If you have been thinking about cutting the cable cord, you had to look down a long dark alley of missing content and a lonely flatscreen TV. But a number of new services are now showing up to fill that gap and provide a true TV experience that could herald the arrival of the OTT - Over The Top - universe.
The four leaders are all different, but each worthy of a look. They are Frequency, Pluto TV, Yidio, and Waywire. Full disclosure, I'm the CEO of Waywire - but frankly each of the services we're going to explore are different and unique in their own way.
Frequency Networks was founded by Blair Harrison, who is the company's CEO, in LA in 2010. Harrison has been an early leader in the web video space, having sold IFILM to Viacom VIAB -2.28% in 2005, and was then the CEO of FastTV.
Frequency gathers online videos from social networks, media sites, and blogs, and creates custom channel streams based on individual user's interests. The channels are updated in real time, delivering videos from a wide range of sources in a single application.
Frequency's channels are organized by content type, such as news, entertainment, sports, tech, and children's programming. Visitors can aggregate video from over 4,000 sources, including ESPN , CNN, New York Times, Wall Street Journal, BBC,TechCrunch, YouTube, Facebook and Twitter.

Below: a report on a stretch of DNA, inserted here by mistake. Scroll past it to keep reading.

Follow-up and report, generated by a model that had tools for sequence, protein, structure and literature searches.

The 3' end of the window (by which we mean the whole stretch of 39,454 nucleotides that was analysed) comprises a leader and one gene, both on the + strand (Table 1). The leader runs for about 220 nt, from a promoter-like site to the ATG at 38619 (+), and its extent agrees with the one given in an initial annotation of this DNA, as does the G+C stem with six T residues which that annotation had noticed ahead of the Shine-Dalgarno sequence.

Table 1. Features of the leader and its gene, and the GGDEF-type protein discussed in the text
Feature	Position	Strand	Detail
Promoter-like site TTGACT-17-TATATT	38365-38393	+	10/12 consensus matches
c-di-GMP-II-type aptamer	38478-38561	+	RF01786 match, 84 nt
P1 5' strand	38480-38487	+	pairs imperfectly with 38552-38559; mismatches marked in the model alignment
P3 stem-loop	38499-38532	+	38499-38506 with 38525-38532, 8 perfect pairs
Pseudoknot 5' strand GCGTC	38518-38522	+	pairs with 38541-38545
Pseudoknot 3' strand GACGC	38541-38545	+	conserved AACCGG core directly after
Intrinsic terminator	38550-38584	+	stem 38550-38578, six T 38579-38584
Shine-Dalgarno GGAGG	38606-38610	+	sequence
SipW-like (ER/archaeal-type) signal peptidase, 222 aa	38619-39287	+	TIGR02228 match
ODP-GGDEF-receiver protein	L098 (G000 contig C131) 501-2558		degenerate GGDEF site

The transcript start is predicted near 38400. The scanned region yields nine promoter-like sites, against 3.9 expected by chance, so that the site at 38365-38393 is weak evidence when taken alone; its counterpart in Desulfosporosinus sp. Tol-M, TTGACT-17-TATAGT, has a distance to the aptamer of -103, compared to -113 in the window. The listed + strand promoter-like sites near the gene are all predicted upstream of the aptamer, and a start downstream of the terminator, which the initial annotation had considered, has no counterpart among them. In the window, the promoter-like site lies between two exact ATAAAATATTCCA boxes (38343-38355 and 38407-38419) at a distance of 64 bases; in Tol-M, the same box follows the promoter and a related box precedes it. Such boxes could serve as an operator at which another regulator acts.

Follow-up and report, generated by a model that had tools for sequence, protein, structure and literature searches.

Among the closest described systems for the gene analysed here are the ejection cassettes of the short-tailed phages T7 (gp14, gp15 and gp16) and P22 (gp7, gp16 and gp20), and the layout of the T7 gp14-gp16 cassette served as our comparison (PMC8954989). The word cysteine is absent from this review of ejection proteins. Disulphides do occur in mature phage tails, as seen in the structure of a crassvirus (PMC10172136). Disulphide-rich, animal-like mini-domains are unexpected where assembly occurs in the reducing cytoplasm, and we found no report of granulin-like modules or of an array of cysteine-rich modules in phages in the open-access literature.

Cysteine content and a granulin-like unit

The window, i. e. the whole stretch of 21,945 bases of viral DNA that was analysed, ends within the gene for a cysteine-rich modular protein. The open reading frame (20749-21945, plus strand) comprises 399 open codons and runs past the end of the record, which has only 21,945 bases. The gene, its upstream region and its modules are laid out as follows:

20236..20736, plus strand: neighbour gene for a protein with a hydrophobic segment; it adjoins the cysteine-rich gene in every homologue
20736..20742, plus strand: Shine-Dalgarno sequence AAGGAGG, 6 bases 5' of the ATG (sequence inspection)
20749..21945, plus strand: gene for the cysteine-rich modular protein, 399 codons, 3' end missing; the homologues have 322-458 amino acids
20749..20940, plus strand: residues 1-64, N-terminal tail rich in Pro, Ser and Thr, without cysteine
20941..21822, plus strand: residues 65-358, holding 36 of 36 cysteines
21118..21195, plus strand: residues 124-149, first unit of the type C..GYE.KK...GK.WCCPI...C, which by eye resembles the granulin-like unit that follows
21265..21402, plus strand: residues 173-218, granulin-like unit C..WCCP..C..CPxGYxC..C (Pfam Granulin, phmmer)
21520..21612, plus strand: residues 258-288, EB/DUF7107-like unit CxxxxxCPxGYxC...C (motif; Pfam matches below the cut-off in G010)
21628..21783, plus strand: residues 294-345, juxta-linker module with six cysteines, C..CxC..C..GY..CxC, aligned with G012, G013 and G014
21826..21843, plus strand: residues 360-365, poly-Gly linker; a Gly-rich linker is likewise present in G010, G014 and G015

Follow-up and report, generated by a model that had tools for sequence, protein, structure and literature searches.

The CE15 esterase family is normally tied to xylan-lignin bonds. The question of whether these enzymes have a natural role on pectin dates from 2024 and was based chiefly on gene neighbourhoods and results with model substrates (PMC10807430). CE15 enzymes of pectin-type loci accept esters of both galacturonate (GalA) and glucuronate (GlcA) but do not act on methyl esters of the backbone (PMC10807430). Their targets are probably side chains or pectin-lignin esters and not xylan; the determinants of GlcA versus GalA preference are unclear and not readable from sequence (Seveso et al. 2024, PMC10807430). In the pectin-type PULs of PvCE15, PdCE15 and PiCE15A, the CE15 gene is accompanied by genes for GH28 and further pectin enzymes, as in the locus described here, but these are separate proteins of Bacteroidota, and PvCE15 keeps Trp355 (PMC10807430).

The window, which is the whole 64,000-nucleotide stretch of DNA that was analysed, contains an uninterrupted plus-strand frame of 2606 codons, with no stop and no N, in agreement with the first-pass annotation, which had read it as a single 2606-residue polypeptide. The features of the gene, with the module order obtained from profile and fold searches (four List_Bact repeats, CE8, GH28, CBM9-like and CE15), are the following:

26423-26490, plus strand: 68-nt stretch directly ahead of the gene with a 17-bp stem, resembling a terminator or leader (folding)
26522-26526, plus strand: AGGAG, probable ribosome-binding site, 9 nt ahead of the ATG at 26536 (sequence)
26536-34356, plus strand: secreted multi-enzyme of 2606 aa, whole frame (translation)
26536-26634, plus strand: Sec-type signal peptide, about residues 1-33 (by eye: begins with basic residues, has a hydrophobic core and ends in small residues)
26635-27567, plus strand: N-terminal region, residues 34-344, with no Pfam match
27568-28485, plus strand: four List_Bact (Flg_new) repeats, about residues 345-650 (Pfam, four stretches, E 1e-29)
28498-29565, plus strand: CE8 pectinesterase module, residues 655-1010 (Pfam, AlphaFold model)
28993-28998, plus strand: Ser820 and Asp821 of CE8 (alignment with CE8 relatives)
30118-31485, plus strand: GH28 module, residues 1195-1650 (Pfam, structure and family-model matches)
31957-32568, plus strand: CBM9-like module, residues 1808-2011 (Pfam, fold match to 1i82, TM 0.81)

Users can also create their own personalized channels, and they can connect their account to Facebook, Twitter, and Google Plus - allowing the service to filter through videos shared by social networking friends and provide recommendations.
Videos are streamed - creating a so-called 'lean back' experience similar to watching cable TV. It synchronizes channels and viewed content across multiple devices so you can watch on your mobile, desktop, or flatscreen. Frequency indexes approximately five million new videos and over 500 million social networking posts per day. As of April 2014, it has approximately four million monthly active users. Users can also create their own personalized channels, and they can connect their account to Facebook, Twitter and Google Plus, allowing the service to filter through videos shared by social networking friends and provide recommendations.
CEO Blair Harrison told me that the company has launched Frequency Sync, a hosting service that allows video owners to publish and monetize their videos across the Frequency applications. Also they launched Frequency Source, an SDK and set of services that allow television operators, consumer electronics manufacturers and other platform developers to integrate Frequency and its curated videos into their own platforms.
Frequency is the slickest of the OTT apps - but it's hardly alone.
Pluto.TV is a video aggregation and channel creation platform that looks to provide a cable like experience to users.
In a visit to Forbes back in march, Pluto.tv CEO Nick Grouf demo'd Pluto to Forbes contributor J.J. Colao. Colao described it as "a web service that takes the traditional television format--live, linear feeds divvied up into shows and channels--and slaps it onto thousands of hours of Internet video. It's a concept that sounds dubious on the surface, but works surprisingly well in practice."